Senate Majority Leader Mitch McConnell sees the writing on the wall and knows there could be a second round of impeachment shortly. But in a memo to Republican senators, McConnell explained why an impeachment trial likely wouldn’t begin until after President Donald Trump leaves office.
The Senate is not scheduled to reconvene for substantive business until Jan. 19. Although the Senate is scheduled to meet twice next week it can’t do anything substantial on those days, including “beginning to act on received articles of impeachment from the House,” without the unanimous agreement of all 100 senators. “It would require the consent of all 100 senators to conduct any business of any kind during the scheduled pro forma sessions prior to January 19, and therefore the consent of all 100 senators to begin acting on any articles of impeachment during those sessions,” the memo states. Considering Trump still has more than a few allies in the Senate that seems highly unlikely.
In the most likely scenario, if the House does impeach Trump that means the Senate would formally receive the notification on Jan. 19, McConnell said. The Senate could then call on House managers to present the articles of impeachment that same day. According to the Senate rules for impeachment proceedings, at 1 p.m. on the day after the articles of impeachment are exhibited, the Senate must then consider them. That means if everything goes quickly the trial would only begin around one hour after President-elect Joe Biden is sworn into office. “The Senate trial would therefore begin after President Trump’s term has expired—either one hour after its expiration on Jan. 20, or twenty-five hours after its expiration on Jan. 21,” according to McConnell’s memo.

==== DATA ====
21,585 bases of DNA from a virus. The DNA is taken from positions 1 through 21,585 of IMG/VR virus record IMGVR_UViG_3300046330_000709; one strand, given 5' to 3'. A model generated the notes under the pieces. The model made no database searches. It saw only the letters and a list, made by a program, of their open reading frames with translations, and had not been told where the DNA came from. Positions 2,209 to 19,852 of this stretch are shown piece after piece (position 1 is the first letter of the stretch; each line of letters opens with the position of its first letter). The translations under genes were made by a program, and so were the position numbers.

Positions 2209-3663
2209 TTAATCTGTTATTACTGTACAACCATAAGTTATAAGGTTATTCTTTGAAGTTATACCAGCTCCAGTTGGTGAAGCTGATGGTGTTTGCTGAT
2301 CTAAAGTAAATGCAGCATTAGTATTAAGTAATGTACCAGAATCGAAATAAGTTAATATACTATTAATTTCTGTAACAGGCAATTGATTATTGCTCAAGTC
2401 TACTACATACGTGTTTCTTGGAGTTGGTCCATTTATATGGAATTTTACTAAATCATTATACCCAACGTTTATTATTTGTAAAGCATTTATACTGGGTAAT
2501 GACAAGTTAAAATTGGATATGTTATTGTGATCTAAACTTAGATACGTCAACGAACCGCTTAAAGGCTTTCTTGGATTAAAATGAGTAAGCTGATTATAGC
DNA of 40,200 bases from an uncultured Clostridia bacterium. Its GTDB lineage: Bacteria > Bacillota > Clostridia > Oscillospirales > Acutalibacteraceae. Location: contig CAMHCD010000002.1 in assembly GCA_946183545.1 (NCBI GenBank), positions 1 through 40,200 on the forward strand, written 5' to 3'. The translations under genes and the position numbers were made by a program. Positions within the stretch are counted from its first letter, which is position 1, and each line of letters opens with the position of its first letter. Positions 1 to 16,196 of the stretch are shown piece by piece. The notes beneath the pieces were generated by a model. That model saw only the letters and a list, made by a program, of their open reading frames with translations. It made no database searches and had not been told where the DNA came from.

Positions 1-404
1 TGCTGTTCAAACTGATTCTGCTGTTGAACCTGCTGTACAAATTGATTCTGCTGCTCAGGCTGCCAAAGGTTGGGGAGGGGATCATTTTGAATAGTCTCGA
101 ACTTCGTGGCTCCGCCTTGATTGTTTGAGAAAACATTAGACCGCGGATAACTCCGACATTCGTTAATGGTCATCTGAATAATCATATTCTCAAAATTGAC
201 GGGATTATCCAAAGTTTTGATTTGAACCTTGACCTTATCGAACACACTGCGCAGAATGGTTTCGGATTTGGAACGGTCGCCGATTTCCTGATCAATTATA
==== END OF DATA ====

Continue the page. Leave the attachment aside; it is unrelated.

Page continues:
One point that remains unclear is who would preside over an impeachment trial in the Senate. Normally Chief Justice John Roberts would preside over the trial but considering Trump would no longer be a sitting president it is “unclear” whether his role would remain the same, according to the memo.
Some Democrats are concerned that moving forward with impeachment could end up distracting from Biden’s first days in office. “We have to put our government together quickly—that’s the most important thing we should do,” Sen. Joe Manchin III of West Virginia said. “We don’t need any more political theater.” Biden didn’t directly weigh in on the issue saying that it’s up to Congress to decide what to do but he did say he was more interested in focusing his energies on his own presidency. “If we were six months out, we should be moving everything to get him out of office — impeaching him again, trying to invoke the 25th Amendment, whatever it took to get him out of office,” Biden said. “But I am focused now on us taking control as president and vice president on the 20th and get our agenda moving as quickly as we can.”
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